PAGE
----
A scheming raccoon fools a mismatched family of forest creatures into helping him repay a debt of food, by invading the new suburban sprawl that popped up while they were hibernating...and learns a lesson about family himself.
Spoiled by their upbringing with no idea what wild life is really like, four animals from New York Central Zoo escape, unwittingly assisted by four absconding penguins, and find themselves in Madagascar, among a bunch of merry lemurs
Barry B. Benson, a bee just graduated from college, is disillusioned at his lone career choice: making honey. On a special trip outside the hive, Barry's life is saved by Vanessa, a florist in New York City. As their relationship blossoms, he discovers humans actually eat honey, and subsequently decides to sue them.
Simon J. Smith
Roddy is a decidedly upper-crust "society mouse" who lives the life of a beloved pet in a posh Kensington flat. When a sewer rat named Sid comes spewing out of the sink and decides he's hit the jackpot, Roddy schemes to rid himself of the pest by luring him into the "whirlpool." Sid may be an ignorant slob, but he's no fool, so it is Roddy who winds up being flushed away into the bustling sewer world of Ratropolis. There Roddy meets Rita, an enterprising scavenger who works the sewers in her faithful boat, the Jammy Dodger. Roddy immediately wants out, or rather, up; Rita wants to be paid for her trouble; and, speaking of trouble, the villainous Toad - who royally despises all rodents equally, making no distinction between mice and rats--wants them iced... literally. The Toad dispatches his two hapless hench-rats, Spike and Whitey, to get the job done. When they fail, the Toad has no choice but to send to France for his cousin - that dreaded mercenary, Le Frog. Written by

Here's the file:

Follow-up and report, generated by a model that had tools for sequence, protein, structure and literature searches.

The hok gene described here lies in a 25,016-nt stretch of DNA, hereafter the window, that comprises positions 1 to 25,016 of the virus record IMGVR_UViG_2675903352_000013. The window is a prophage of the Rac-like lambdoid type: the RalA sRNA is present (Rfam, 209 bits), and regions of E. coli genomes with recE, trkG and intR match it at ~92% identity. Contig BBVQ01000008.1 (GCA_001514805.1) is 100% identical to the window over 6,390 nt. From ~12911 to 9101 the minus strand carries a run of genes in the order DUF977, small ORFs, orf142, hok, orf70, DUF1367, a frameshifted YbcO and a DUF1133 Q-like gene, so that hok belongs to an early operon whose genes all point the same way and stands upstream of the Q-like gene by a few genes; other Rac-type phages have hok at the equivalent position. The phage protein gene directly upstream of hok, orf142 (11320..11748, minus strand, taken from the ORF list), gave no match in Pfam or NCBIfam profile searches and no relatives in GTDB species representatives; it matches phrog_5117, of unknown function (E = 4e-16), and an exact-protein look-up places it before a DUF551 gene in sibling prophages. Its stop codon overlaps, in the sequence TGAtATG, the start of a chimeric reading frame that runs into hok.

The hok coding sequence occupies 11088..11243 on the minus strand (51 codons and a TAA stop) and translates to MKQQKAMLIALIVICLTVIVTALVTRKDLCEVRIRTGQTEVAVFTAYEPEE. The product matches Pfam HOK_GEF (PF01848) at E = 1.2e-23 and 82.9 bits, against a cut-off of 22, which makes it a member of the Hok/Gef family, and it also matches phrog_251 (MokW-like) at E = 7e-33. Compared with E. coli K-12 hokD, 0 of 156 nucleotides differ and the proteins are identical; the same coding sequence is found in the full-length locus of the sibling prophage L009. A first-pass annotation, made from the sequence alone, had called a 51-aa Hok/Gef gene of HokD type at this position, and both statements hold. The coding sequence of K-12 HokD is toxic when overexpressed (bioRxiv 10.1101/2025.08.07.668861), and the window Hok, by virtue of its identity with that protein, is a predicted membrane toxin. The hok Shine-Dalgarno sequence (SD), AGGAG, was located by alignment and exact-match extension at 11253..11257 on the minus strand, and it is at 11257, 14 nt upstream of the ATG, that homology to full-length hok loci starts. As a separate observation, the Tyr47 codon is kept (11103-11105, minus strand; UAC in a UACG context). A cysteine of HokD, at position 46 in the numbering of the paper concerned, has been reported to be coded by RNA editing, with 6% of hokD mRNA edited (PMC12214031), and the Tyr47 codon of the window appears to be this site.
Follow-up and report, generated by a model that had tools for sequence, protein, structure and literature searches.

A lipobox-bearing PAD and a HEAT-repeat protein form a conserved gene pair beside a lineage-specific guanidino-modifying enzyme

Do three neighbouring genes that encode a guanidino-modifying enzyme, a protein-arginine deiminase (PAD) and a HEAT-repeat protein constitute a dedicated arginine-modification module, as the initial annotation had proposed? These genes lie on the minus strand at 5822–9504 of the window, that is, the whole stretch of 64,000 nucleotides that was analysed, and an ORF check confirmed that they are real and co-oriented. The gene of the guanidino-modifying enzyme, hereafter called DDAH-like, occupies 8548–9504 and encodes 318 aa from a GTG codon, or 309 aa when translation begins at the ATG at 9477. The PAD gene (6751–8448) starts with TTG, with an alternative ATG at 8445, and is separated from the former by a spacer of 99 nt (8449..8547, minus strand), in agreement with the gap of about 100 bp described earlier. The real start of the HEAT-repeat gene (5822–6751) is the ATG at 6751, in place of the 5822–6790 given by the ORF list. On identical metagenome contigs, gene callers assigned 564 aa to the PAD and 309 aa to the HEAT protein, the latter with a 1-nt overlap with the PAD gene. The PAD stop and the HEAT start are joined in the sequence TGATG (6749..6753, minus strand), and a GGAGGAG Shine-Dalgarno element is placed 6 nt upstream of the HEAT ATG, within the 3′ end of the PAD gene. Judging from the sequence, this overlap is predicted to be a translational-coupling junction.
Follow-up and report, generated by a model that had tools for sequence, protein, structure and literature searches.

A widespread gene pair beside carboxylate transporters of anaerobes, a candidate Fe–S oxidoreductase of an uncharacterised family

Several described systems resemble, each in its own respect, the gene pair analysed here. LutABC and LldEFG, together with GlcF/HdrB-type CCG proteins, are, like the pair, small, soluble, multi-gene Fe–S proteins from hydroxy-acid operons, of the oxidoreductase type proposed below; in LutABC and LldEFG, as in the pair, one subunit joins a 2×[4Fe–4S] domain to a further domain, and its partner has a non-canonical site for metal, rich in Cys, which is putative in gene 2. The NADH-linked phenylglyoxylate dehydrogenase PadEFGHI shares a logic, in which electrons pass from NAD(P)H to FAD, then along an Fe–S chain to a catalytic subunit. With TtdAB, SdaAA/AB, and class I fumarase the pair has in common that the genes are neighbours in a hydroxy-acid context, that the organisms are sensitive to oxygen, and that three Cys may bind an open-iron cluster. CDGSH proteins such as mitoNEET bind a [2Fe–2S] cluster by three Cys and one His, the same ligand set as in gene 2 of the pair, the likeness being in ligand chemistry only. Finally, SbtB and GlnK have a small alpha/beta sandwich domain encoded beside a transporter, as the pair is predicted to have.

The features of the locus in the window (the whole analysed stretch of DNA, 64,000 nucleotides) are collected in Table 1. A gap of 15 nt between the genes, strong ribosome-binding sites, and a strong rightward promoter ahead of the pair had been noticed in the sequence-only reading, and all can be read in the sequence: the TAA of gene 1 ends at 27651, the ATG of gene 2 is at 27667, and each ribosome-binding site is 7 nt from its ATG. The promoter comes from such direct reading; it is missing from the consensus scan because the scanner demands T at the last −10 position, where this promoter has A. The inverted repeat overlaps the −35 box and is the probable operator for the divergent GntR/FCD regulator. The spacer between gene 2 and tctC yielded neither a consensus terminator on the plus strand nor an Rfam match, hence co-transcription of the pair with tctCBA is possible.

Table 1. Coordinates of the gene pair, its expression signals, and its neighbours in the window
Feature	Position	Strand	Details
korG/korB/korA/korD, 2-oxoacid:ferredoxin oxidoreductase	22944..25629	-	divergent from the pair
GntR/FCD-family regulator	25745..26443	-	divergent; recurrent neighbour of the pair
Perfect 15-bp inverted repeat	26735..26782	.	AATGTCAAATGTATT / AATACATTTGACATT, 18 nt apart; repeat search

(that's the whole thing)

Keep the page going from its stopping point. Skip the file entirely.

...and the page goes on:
Aardman's first fully-CGI feature film. The reason for using computer animation instead of the studio's trademark clay animation was the large amount of scenes involving water, which is nearly impossible to do convincingly in stop motion. See more »
As the movie opens, the little girl pours a whole box of rat food (and its box) into the dish at the front of Roddy's cage. When Roddy slides down to the front of the cage minutes later, neither the food, nor the upturned box is anywhere to be seen. See more »
It's nine o' clock already, we're going to miss our flight.
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The last line of the credits is: "No slugs were a-salted in the making of this film." See more »
Wallace and Gromit are critics darlings. Chicken Run had great reviews as well. I liked all those animated films somewhat, but I never understood their appeal to the critics. To me they were just so-so. This film has not done as well with the critics. It retains somewhat the look of the aforementioned claymation that Aardman is so famous for, but as most people reading this are probably well aware, it is strictly computer animated fare. I truly enjoyed it more than the other films by the talented animators at Aardman. Not a lot more. I much preferred the Shrek films and The Incredibles for recent animated greats. But you could do a lot worse than spending 90 minutes with your kids in a theater watching Flushed Away. ( The film across the hall at my multiplex comes to mind as I really did not want to go watch Tim Allen in a Santa suit for a third time.) The slugs (or perhaps they were leeches) were my favorite characters in the film. I found myself laughing a lot at their antics, sound effects and musical talent. I had fun. Nothing great but a good deal of fun.
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